Wow Magazine Issue 17

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Online Book Reviews Feature

Inspiration Feature with Cathy Bueti

Funds 4 Writers Feature

Flash Fiction Contest!

Wendy Kamenoff of Tasty Words and Spoken Word

Accessing Your Audience Childrens Readers


Go to wow-womenonwriting.comArticlesContestMarketsBlogShop

Wow! Fall 2008 Contest Winners


Describe a time in your life when you overheard a conversation, or found a lucky item on the ground (coin, jewelry, other), or discovered something that wasn’t intended for your eyes (mail, letter, photos, or other). Write about this "chance" event and describe what it brought to you: good or bad luck, serendipity, a missed opportunity, or karma. This is a nonfiction essay, but be descriptive enough so your readers can see the event through your eyes.


Thanks to our Guest Judges

Hope Clark Guest Judge

C. Hope Clark

WOW! was honored to have Guest Judge, C. Hope Clark, choose our fall season’s winners top winners. It’s obvious that Hope is a professional. Her expedience and focus helped make our contest rise to new highs. Thank you, Hope, for sharing your time, eyes, and efforts to make these contestants’ dreams come true.

To share your thanks, please visit C. Hope Clark’s website, and email her personally.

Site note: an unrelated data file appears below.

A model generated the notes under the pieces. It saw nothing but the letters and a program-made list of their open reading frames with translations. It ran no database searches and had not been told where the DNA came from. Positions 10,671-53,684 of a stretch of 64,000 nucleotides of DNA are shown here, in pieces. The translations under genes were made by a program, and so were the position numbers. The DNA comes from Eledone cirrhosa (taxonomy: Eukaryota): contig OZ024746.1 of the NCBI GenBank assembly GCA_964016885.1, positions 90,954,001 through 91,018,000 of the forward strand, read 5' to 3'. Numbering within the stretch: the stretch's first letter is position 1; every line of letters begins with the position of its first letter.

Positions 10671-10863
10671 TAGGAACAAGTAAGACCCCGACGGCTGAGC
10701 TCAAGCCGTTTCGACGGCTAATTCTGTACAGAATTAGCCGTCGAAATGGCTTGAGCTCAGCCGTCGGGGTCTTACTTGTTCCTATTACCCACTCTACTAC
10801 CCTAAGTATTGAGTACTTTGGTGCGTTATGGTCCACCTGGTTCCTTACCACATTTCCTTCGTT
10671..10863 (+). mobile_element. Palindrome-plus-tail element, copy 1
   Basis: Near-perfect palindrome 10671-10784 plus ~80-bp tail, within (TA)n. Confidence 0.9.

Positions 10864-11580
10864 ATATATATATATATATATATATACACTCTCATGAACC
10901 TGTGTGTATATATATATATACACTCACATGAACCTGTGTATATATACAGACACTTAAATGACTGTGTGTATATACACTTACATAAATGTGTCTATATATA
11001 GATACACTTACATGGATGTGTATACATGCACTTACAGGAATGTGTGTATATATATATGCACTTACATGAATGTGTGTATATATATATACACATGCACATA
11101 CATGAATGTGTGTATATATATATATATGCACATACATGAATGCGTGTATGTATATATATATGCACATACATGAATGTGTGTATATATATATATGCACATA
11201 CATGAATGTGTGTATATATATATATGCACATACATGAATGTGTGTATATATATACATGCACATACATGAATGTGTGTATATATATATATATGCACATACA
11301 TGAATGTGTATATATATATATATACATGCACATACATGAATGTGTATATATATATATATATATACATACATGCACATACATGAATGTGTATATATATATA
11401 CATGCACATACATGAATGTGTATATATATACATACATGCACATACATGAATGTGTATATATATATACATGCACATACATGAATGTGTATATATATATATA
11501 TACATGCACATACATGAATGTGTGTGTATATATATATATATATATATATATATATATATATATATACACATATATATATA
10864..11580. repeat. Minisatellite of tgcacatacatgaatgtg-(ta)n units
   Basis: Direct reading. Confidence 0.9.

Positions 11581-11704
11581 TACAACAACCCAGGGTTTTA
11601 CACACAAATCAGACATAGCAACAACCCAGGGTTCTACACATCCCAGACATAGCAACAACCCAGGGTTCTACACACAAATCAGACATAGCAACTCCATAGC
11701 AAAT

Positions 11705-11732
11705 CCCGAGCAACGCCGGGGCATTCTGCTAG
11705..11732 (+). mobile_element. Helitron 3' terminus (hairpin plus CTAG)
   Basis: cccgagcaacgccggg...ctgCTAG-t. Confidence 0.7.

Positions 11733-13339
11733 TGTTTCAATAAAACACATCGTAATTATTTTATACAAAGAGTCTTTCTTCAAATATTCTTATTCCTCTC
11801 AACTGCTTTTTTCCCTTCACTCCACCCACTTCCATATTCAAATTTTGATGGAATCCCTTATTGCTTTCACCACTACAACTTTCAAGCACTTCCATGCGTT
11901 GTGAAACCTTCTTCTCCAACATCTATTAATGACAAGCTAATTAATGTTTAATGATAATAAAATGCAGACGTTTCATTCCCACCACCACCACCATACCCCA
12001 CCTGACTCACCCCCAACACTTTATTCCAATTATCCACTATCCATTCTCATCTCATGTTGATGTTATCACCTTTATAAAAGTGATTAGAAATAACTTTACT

C. Hope Clark is editor and founder of and author of The Shy Writer: The Introvert's Guide to Writing Success. She’s published in national publications like Writer’s Digest and The Writer Magazine and trade magazines, like TURF, Next Step, College Bound Teen, American Careers and Landscape Management. Writer’s Digest selected her web site in its 101 Best Web Sites for Writers, for the last seven years in a row.

Visit her website:

Nikki Harden Guest Judge

Nikki Harden

WOW! thanks Nikki Harden for choosing our First Place Winner! Finding a photo of Nikki online was hard, but then I remembered we snapped a pic at BEA in New York. Annette Fix took this great photo of Nikki as she was signing a skirt! blad. Nikki Harden is founder and Publisher of Skirt!.

"A native of Kentucky, I left home at 17 to elope with my high-school boyfriend. Twelve years later, divorced with three children and unskilled at almost everything, I started college at the age of 29. Earned a B.A. in literature from American University in 1976 and attended graduate school at the University of Virginia on a Governor’s Fellowship. I never completed my master’s degree, however, because I spent most of the year crying and watching Kojak reruns. Started my first real full-time job a year later when I was hired as a secretary for a book publishing company in northern Virginia. In 1985, I moved to Charleston, SC, which I had never visited and barely heard of before. I spent the next several years nursing a midlife crisis while I eked out a living by cleaning houses, working in a bed and breakfast, clerking in a liquor store that had a psychotic parrot and no heat or air conditioning, and writing descriptions of mythical Irish pubs and taverns for a local mail-order company. I started Skirt! in 1994 with not much more than $400 and the desire to have something interesting to read. What a long strange trip it's been."